While speaking at the University of Michigan, FBI director Christopher Wray fully defended the Department of Justice’s decision to investigate and prosecute academics of Chinese origin, NBC News reports.
The Justice Department has been investigating Chinese people working in American industries since the Obama administration, believing that Chinese spy agencies were pushing them to steal trade secrets. They specifically began investigating Chinese scientists and researchers under the Trump administration’s China initiative.
Several professors like Xiaoxing Xi and Franklin Tao were falsely accused of being spies under the initiative, which was ended by the Biden administration. Ann Chih Lin, director of the Lieberthal-Rogel Center for Chinese Studies at the University of Michigan’s Gerald R. Ford School of Public Policy, brought up those false accusations during Wray’s talk.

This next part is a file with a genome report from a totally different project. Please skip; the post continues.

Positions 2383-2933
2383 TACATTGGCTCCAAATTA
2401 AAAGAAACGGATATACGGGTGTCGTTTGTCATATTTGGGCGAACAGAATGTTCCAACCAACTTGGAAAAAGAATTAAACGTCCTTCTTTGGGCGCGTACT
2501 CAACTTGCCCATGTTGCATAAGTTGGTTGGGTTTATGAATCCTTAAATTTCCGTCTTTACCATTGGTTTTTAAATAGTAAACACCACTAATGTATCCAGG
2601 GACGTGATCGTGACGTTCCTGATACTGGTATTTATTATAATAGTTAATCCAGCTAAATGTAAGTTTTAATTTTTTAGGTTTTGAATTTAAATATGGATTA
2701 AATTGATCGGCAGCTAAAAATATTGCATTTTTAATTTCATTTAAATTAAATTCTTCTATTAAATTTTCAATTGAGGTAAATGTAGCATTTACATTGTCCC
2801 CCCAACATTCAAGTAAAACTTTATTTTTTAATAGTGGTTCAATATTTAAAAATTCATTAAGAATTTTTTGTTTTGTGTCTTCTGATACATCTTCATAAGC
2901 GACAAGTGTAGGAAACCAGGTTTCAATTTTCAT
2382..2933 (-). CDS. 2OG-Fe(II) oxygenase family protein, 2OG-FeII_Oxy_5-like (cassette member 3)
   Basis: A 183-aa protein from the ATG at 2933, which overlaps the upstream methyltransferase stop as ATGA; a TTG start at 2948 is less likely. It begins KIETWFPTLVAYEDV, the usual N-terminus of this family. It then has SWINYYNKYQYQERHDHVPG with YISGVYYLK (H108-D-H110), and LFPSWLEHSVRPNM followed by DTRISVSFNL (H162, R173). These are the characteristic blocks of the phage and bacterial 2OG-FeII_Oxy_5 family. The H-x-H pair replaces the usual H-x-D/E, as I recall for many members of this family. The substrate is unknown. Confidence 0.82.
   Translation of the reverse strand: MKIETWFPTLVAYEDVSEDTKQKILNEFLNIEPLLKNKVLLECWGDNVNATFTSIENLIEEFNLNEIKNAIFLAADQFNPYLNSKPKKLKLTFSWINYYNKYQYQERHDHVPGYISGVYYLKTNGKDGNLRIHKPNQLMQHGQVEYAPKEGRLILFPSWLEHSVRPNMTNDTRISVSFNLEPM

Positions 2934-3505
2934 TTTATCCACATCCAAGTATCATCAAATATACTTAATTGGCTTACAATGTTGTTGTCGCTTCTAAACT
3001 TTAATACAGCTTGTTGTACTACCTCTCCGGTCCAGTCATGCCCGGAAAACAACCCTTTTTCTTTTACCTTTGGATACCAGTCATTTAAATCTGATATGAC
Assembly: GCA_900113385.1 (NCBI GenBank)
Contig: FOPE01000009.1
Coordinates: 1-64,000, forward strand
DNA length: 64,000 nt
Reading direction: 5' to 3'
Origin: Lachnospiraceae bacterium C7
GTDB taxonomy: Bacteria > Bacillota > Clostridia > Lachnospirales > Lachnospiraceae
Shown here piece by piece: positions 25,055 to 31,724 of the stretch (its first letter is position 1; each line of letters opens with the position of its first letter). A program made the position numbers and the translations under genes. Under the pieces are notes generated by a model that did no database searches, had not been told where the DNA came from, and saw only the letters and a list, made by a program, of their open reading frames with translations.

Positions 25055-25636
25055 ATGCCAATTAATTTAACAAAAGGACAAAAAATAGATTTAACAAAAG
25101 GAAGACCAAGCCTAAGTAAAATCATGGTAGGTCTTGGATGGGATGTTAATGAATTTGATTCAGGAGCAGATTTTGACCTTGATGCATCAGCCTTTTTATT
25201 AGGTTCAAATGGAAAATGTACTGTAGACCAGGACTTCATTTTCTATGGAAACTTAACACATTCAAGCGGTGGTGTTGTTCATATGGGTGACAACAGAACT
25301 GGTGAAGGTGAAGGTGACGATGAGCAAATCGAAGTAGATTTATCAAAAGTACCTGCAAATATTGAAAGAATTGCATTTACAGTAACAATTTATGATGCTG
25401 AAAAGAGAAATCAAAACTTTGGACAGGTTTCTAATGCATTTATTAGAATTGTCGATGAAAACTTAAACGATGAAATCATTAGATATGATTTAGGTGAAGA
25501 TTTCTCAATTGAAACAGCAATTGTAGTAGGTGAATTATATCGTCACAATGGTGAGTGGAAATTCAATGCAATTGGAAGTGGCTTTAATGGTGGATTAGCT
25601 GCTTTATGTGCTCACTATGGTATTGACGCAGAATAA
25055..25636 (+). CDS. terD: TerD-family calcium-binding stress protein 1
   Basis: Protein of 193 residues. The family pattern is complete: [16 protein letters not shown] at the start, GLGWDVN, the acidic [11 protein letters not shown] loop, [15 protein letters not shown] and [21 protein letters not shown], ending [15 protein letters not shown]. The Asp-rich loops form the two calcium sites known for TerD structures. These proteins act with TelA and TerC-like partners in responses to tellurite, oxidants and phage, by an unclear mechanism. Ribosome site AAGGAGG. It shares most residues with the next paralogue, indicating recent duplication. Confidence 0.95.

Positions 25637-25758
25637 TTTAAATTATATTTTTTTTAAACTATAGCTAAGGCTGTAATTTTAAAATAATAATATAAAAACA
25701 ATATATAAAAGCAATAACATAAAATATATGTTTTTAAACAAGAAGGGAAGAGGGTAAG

According to NBC News, she asked how he would respond to critics who believe that the FBI is “presuming that routine academic engagement with scientific colleagues in China is evidence of a crime, or of mistaking university-sponsored collaborations and grants for money that is illicitly going into scientists’ pockets.”
Wray claimed that the FBI does not base their cases on race or ethnicity but told the audience he believed there was no “more serious, more persistent threat to our innovation, our ideas and our economic security than the Chinese Communist Party and the Chinese government.”
“The Chinese government, the Chinese Communist Party, is engaged in what it considers an international talent war to try to leverage and steal intellectual property and sensitive research and data from countries all over the world,” he added, according to NBC News. “… And so it’s part of our responsibility to work with universities to try to help protect that information.”
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